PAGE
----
There was no mention of the future of girls' education in the accord on Wednesday, an ominous sign, said opponents of the Taliban. The militants have burned hundreds of girls' schools in Swat in the past year, and banished the students to their homes.
The chief minister of the North-West Frontier Province, Ameer Haider Hoti, said during a visit to Swat this week that the girls' schools would reopen. But the provincial government is strapped for money, and there is speculation that the government cannot afford to rebuild the burned schools.
Moreover, European donors who have budgeted money for development in Swat said there was now hesitation in helping if the Taliban were in effective control.
Despite the truce, most people remain terrified of the Taliban, said Mohammad Amad, executive director of a private aid group, the Initiative for Development and Empowerment Axis. Militants continue to hunt down anyone who backs the government and the army.
He cited the death of a relative, Rahmat Ali, the man who was killed after returning home to his mountain village, Mandal Dag.
Ali was a cousin of Pir Samiullah, a moderate religious leader who took up arms against the Taliban and fought them with a band of followers for three months, killing several hundred militants.
Ali banked on the government's assurances that he would be safe. "He went back because of the stupid claims of the government," Amad said. "He wanted to wind up his business." He owned a transportation company and planned to sell the vehicles, Amad said.
Ali was abducted and held for five days, Amad said. His body was found on Feb. 25.
"There was no skin on his back," he said. "We had advised him, 'You shouldn't go, you shouldn't trust.' "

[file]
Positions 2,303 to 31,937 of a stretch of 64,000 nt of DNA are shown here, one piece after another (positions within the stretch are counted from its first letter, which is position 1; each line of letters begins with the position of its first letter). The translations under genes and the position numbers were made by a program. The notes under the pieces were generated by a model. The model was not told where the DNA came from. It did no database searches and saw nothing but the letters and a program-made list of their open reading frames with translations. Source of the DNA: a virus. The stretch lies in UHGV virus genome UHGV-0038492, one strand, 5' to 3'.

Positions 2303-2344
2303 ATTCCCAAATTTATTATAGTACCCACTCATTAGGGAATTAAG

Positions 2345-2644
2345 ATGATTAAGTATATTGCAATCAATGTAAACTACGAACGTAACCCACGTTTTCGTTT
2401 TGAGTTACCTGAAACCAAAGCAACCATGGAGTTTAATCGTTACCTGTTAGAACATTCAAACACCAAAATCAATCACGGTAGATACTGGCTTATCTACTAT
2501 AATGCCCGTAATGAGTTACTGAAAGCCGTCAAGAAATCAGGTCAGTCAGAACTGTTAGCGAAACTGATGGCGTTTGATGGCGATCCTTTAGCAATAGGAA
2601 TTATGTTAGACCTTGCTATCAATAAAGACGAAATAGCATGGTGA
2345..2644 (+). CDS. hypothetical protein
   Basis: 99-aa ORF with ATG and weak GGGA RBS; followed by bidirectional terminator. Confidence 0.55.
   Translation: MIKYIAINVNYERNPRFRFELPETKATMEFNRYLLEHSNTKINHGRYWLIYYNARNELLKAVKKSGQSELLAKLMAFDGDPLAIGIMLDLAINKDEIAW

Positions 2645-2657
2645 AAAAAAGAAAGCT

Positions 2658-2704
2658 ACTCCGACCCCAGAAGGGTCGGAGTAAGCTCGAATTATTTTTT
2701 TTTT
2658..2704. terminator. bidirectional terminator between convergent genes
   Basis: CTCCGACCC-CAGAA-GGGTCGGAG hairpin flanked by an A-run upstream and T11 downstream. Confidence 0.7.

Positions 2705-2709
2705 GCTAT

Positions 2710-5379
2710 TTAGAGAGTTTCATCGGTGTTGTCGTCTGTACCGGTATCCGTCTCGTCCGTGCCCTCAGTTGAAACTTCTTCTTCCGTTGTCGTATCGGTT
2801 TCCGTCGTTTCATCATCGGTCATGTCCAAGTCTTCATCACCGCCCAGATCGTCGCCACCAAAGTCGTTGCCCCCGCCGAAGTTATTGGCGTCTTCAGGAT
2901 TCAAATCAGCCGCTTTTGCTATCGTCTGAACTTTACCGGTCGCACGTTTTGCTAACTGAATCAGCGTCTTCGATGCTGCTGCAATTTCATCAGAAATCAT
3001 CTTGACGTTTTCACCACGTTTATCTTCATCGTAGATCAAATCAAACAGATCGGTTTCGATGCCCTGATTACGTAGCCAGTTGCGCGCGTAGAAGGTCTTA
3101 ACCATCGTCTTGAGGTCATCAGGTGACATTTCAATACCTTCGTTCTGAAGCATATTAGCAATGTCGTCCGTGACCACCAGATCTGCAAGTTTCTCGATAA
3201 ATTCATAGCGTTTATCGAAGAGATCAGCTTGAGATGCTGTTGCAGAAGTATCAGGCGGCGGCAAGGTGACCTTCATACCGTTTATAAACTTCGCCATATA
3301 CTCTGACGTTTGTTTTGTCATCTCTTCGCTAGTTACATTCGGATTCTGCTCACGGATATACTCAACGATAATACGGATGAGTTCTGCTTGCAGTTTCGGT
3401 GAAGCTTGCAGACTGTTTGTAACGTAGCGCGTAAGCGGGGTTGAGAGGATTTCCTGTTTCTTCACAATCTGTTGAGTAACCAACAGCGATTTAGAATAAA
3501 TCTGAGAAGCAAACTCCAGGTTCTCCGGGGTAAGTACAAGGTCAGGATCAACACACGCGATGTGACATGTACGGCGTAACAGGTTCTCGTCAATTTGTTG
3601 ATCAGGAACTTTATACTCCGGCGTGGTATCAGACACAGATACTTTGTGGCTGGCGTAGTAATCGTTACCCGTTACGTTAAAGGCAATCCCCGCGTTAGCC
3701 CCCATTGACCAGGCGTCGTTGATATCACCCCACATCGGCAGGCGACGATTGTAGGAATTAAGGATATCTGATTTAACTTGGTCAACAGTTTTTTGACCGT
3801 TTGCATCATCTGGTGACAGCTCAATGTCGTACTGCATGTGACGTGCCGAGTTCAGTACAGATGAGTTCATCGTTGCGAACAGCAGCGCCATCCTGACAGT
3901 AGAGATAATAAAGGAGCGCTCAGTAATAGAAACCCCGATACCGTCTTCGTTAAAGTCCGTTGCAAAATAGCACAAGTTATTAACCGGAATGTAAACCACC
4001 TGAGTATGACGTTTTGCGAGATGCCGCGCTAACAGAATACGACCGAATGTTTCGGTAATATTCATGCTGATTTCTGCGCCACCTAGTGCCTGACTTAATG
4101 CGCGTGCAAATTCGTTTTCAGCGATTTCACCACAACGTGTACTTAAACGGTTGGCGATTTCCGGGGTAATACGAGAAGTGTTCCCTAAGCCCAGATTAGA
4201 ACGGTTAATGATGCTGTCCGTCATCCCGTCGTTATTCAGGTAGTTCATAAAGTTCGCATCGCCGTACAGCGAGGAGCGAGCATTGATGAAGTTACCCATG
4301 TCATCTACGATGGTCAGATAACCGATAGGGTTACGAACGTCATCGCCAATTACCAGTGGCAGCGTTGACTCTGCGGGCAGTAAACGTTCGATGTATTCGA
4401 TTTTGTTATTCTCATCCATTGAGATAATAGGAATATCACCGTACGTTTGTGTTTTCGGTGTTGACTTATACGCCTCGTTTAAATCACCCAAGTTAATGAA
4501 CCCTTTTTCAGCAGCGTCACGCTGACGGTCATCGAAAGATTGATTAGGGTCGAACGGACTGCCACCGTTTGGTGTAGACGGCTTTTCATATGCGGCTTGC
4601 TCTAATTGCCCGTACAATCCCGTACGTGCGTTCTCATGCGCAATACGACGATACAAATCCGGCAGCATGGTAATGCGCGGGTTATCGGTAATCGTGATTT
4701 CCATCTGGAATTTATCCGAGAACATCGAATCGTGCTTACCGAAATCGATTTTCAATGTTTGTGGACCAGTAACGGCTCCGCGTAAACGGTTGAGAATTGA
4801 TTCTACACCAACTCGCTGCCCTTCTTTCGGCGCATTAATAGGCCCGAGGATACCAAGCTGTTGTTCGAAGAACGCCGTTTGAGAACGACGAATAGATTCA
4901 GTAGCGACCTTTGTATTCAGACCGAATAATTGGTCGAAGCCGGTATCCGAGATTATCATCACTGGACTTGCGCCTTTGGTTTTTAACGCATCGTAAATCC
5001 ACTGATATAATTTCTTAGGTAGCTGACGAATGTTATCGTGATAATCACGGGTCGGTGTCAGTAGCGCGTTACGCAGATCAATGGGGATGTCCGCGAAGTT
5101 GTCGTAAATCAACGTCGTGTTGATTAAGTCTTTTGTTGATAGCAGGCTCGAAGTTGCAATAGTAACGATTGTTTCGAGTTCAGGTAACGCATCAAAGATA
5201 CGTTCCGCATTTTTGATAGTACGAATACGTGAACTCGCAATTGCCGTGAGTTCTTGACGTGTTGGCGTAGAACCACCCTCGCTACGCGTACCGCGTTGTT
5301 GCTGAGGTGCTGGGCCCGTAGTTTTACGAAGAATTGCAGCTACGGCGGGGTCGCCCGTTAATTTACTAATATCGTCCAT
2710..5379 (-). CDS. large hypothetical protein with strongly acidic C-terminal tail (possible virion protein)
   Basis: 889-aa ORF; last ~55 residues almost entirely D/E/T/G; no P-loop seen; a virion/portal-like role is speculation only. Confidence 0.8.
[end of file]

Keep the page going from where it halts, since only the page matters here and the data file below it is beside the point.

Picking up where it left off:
The Taliban also announced in the local mosque that every family in the village would have to contribute one young man to their ranks, Amad said.
Local and provincial officials appear to be powerless in the face of the Taliban, and many remain in exile in Peshawar.
Some officials have fled to Islamabad, the capital, some as far afield as London.
Those who have ventured into Swat to negotiate the accords with the Taliban have been shown who is in charge.
The district coordination officer, Kushal Khan, was kidnapped with several of his assistants soon after arriving in Swat last weekend to talk to the militants. They were later released.
In some places, the Taliban have established new training camps, villagers said.
Near Mandal Dag, a resident reached by telephone said that the militants were using a government school in the mountains as a training camp for target practice. Young boys were being taught to hit moving objects by shooting at dogs that were let loose on the firing range, the resident said.
An FM radio station that was effective in instilling terror ? Fazlullah's acolytes read out the names of those who faced beheadings on nightly broadcasts ? is still operating, said Adnan Khan, a businessman in Mingaora, the main town of Swat.
But since the cease-fire, the tone has moderated, he said, and the militants' vitriolic denunciations of the government and the army have ceased.
Perhaps to show they are now really in control, the militants have settled on reporting the situation in the villages and discussing Islamic teachings, Khan said.